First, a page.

Here are some harmful results of overthinking and I must add, not overthinking is harder than it sounds so don’t beat yourself up about it. Reclaiming that peace takes practice and time like everything else:

Limits you – Instead of taking action you are sitting there thinking about it and creating limitations that weren’t there before and will probably never exist.

Complicates things – Simple things now seem complicated. This is not just in relation to our personal lives but I notice we do this in Indie Publishing too. Sooo much is over-complicated. Honestly, it’s not that hard. I wish we could focus on encouraging each other to learn the basics and building on that instead of creating these long lists of things that will come naturally over-time if we just wait.

Depression – Overthinking leads to depression. Really bad depression.

Lack of Confidence – Over-thinkers expect bad things to happen instead of expecting good things to happen. This causes you to lack confidence in your abilities.

Fear – As a result, you are in a constant state of fear (anxiety is no laughing matter and it is, at its root, caused by fear)

Depletes Your Energy – You literally tire yourself out from thinking too much. The energy you could have used to be productive is now gone.

I hope this small list helps you to not think so much and sometimes you do have to take physical action. For instance, I turned my phone off until I finished this post. Stepping away from social media is also a great help for me. Whenever I feel that I am overdoing it I step back and it gives me peace. I’m an introvert at heart so I can only take so much.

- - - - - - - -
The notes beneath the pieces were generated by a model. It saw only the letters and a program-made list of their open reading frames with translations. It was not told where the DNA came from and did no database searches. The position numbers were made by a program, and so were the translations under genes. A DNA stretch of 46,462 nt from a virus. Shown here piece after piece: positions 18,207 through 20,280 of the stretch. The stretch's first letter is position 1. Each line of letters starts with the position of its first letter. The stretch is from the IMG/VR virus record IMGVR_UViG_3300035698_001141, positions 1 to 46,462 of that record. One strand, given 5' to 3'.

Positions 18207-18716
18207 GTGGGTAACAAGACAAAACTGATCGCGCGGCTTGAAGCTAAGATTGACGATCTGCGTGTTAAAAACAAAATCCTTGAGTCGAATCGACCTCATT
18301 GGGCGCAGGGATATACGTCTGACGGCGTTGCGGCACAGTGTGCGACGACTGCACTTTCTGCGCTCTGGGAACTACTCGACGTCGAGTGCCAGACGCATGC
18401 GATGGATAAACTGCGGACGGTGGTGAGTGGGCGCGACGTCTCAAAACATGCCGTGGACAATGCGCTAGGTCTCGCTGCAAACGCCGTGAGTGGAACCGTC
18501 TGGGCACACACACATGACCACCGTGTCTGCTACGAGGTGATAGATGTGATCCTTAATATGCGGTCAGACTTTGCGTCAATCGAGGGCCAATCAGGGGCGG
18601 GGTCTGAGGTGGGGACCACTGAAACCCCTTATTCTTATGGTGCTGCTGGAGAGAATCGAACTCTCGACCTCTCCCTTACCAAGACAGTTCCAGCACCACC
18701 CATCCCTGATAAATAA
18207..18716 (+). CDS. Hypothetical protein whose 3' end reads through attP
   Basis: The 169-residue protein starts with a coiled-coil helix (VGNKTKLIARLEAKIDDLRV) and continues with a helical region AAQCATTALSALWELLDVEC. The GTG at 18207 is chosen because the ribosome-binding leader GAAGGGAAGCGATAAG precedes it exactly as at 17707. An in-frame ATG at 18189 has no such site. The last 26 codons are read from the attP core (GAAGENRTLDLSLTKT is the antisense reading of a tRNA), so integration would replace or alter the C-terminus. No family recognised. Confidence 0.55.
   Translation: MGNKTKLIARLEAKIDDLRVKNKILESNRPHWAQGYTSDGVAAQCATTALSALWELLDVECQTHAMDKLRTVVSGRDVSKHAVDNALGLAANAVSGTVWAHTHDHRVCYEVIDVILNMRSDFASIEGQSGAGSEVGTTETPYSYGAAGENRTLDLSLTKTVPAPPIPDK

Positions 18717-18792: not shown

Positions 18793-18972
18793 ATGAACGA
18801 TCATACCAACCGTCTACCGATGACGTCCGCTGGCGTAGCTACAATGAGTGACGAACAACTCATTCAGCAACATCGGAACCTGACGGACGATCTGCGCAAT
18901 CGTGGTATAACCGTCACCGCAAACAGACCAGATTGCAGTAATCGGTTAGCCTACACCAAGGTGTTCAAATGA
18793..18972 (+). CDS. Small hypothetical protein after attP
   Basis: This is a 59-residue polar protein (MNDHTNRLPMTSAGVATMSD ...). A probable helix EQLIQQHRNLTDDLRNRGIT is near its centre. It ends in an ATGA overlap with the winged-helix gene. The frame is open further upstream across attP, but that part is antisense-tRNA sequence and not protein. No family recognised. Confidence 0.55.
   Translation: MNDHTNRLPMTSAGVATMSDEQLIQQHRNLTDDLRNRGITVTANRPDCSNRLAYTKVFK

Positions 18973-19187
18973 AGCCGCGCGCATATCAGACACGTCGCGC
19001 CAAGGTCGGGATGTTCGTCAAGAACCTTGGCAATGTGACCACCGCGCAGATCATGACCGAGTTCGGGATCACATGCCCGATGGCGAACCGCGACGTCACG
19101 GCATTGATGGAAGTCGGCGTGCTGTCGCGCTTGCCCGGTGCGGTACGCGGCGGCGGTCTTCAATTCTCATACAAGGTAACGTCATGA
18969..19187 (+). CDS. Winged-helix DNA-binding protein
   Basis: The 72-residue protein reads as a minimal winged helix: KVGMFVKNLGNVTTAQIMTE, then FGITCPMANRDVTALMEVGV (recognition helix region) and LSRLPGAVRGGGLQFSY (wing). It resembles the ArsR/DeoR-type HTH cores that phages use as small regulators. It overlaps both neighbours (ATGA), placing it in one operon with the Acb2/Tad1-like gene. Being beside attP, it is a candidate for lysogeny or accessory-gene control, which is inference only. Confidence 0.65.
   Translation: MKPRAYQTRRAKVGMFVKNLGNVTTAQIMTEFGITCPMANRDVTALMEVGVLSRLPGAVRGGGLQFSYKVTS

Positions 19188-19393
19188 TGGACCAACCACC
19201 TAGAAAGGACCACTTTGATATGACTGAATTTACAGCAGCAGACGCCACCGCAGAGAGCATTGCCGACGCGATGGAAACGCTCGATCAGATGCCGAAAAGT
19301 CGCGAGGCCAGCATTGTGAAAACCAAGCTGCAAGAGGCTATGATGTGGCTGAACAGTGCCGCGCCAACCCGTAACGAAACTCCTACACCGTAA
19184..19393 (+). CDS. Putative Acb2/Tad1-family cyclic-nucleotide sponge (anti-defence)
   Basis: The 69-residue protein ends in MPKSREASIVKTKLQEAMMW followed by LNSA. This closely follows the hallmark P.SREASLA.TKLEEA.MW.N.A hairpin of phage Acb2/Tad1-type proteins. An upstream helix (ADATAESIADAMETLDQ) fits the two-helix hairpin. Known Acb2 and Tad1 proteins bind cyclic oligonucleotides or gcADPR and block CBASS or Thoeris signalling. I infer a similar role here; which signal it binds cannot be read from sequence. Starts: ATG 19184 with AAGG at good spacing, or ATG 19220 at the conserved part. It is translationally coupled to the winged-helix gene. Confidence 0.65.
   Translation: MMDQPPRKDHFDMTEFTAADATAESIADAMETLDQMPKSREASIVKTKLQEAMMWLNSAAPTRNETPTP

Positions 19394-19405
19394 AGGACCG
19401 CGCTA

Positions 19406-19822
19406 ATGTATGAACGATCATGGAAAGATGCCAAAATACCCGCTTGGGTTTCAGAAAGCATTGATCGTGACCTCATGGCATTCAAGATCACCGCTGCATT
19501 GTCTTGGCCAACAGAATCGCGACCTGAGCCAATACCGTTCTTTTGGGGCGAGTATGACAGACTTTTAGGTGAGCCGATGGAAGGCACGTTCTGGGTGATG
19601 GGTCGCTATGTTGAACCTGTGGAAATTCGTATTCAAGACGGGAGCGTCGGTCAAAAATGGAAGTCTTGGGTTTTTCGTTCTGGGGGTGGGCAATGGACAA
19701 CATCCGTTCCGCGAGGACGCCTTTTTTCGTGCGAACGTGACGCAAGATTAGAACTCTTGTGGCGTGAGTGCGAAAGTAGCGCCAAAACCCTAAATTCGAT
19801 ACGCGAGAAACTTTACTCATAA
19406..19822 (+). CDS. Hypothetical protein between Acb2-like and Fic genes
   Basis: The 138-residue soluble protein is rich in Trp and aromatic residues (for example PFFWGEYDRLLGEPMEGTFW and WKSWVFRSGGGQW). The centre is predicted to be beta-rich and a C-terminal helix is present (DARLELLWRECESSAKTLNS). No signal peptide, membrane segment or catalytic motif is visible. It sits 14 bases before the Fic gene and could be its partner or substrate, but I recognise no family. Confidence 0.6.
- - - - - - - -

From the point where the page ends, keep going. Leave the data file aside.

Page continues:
That’s it folks. Don’t overthink it today.

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Revolution

Revolution comes from the German word Umwalzung and means a complete change. It is a complete change or replacement of a system. The destruction of the old for the new. What the so-called Black man and woman have been doing is seeking to be included in a system that already exists. We have been fighting to be accepted into a current system even though said system has excluded us for nearly 400 years. This is not revolution. This is not a separate system. This is the same system. Until we are comfortable having our own we will never truly revolutionize. There is nothing wrong with being a separate people and building a nation and until we understand this without the fear of being labeled discriminatory, we will never truly revolutionize. All other people have done it but as soon as the Black man says he wants to run his own businesses, as soon as he says he wants to live among his own people, as soon as he says he wants to build Black schools that teach Black children about Black history now he’s acting funny. He’s a supremacist, a racist, a separatist, extremist, and every other “-ists” in the dictionary. He’s radical and he’s militant because he wants his own same as others have their own.